How to Build an Alarm Clock Using Python
Welcome to the Python Projects for Beginners Series 🙋🏻♂️
I'm Sai Ashish and today, we are going to build an alarm clock using Python which plays your favorite song when the time is up 🎼
How cool is that? Tick, tick, tick. Let's start building 🚀
Through This Project, You're Going to Learn About:
1. The Playsound Module 2. The Datetime Module 3. Basics of Python: Conditional Statements, Iterative Statements & Slicing a string 4. Implementation of Your Very Own Alarm Clock
You can access the basics of python used in this project here. Don't forget to smash the star button if it provided value to you 💯
Step 1: Modules Required:
1. What is the Playsound module?
For this project, we would be using the Playsound module. Playsound is a pure Python, cross-platform, single function module with no dependencies for playing sounds. In other words, you can play a sound with just a single line of code. The Playsound module lets us play our favorite song with just one line of code!
Playsound is not available by default in the Python Standard Library and has to be installed. To do this, we will use pip, the standard package manager for Python. All you've to do is, go to the and terminal and run:
pip install playsound
You can access the official documentation of Playsound Module from here
2. What is the Datetime Module?
A date in Python is not a data type of its own, but we can import a module named datetime to work with dates as date objects.
Example: Import the datetime module and display the current date:
import datetime x = datetime.datetime.now() print(x)
When we run the above code snippet, we obtain the output as:
The date contains year, month, day, hour, minute, second, and microsecond.
You can access the official documentation of the Datetime module from here to know more about it.
Step 2: Time to Code!
The first step is to import the required modules into our environment. To do that we type:
#importing the required modules from datetime import datetime from playsound import playsound
Next, we need to ask the user for the time he wants to set the alarm.
alarm_time = input("Enter the time of alarm to be set:HH:MM:SS AM/PM\n")
At this stage, we have obtained a point of time in the format of HH:MM: SS AM/PM. To compare this format of time with the system time in our computer, we need to extract the hours, minutes, seconds, and period from the above string. We achieve this using string slicing.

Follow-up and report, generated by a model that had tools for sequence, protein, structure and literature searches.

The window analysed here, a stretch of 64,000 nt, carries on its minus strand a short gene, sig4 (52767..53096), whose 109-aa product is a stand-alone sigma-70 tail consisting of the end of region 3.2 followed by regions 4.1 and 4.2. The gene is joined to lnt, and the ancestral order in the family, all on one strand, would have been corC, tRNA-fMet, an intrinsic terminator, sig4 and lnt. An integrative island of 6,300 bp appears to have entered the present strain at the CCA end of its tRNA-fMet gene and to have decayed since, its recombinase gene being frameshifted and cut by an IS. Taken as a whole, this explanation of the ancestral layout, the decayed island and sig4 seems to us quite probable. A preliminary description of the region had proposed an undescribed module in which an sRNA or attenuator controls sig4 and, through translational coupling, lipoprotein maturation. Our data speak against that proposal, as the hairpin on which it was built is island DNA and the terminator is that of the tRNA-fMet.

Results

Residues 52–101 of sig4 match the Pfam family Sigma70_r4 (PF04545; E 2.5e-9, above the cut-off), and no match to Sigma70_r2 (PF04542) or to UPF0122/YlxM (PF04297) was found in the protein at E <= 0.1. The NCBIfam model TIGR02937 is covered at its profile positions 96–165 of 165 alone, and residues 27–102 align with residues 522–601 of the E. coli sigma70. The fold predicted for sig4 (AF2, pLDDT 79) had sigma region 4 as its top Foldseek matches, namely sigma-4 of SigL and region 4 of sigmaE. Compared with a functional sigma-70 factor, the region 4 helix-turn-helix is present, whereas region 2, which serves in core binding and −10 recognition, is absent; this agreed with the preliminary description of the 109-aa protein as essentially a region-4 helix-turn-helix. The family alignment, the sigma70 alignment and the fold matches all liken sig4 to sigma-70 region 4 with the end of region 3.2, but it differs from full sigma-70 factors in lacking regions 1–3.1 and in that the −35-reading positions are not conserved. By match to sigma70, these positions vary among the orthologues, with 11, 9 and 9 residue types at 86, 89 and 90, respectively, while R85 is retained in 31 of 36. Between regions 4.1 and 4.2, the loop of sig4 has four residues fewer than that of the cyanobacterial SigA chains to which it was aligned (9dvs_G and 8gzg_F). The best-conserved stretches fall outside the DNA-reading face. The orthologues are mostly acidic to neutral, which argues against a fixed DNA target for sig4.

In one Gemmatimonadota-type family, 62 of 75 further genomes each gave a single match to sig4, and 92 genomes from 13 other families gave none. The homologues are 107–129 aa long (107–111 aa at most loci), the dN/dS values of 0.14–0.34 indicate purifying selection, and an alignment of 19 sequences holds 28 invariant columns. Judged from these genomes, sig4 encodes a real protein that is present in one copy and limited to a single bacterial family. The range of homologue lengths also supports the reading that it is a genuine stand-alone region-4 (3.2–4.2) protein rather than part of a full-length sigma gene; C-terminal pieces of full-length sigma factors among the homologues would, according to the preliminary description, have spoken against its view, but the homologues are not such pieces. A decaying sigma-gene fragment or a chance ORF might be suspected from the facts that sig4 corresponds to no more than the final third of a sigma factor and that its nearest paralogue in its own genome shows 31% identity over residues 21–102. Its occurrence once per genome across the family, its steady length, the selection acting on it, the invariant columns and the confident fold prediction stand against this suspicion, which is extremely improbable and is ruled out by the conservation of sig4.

String slicing helps you obtain a part of a word/sentence. Let's assume the example:
s = "The Insightful Coder" print(s[4:11])
Taking the first index as 0, slicing prints the characters from position 4 to position 11 (not included).
Do you think you can now obtain hours, minutes and seconds from the string HH:MM:SS? Try here.
Answer Reveal 🔓
#obtaining the hour alarm_hour=alarm_time[0:2] #obtaining the minute alarm_minute=alarm_time[3:5] #obtaining the second alarm_seconds=alarm_time[6:8] #obtaining the period alarm_period = alarm_time[9:11]
Kudos to all the insightful coders who dared to try 🥳
Next, let's inform the user his alarm was set.
All we have to do now is compare and find when the current time matches the alarm time set by the user. To check every instant of time, we will make use of the While loop.
Inside this loop, we would first acquire the current time and store it inside a variable.
now = datetime.now()
The current time obtained is not in the string format. To obtain a string from a datetime object we make use of the strftime() method. Obtaining the hour, minute and seconds of current time:
current_hour = now.strftime("%I") current_minute = now.strftime("%M") current_seconds = now.strftime("%S") current_period = now.strftime("%p")
%I, %M, %S etc. are format codes. The strftime() method takes one or more format codes as an argument and returns a formatted string based on it. Read more about it here.
We have both the strings now. Let's compare it:
if(alarm_period==current_period and alarm_hour==current_hour and alarm_minute==current_minute and alarm_seconds==current_seconds):
Once, the time is up, we print a message saying, "Wake up!" and play a song. Let's see it in action.
print("Wake Up!") playsound('/path/to/a/sound/file/you/want/to/play.mp3')
Finally, we break out of the loop using the break statement.
The Final Source Code Could Be Seen Below:
That's it, folks! You now have built your very own alarm clock using just 18 lines of code 👩🏻💻 You can download the source code to this project here. Do hit the twinkle star, if this article provided value to you 🔥
And while you're at it, consider giving this blog the maximum love you can and I promise to give you such value bombs every week 💣 Until then, take care 🙋🏻♂️
Bonus Insights by The Insightful Coder :
Interested in Building Your Own Artificial Intelligence Projects using Python?: Check out the Python AI Series🧠
Wanna Discover Some Valuable Tech-Hacks 🛠?: Check out the Tech-Hacks for Everybody Series😎
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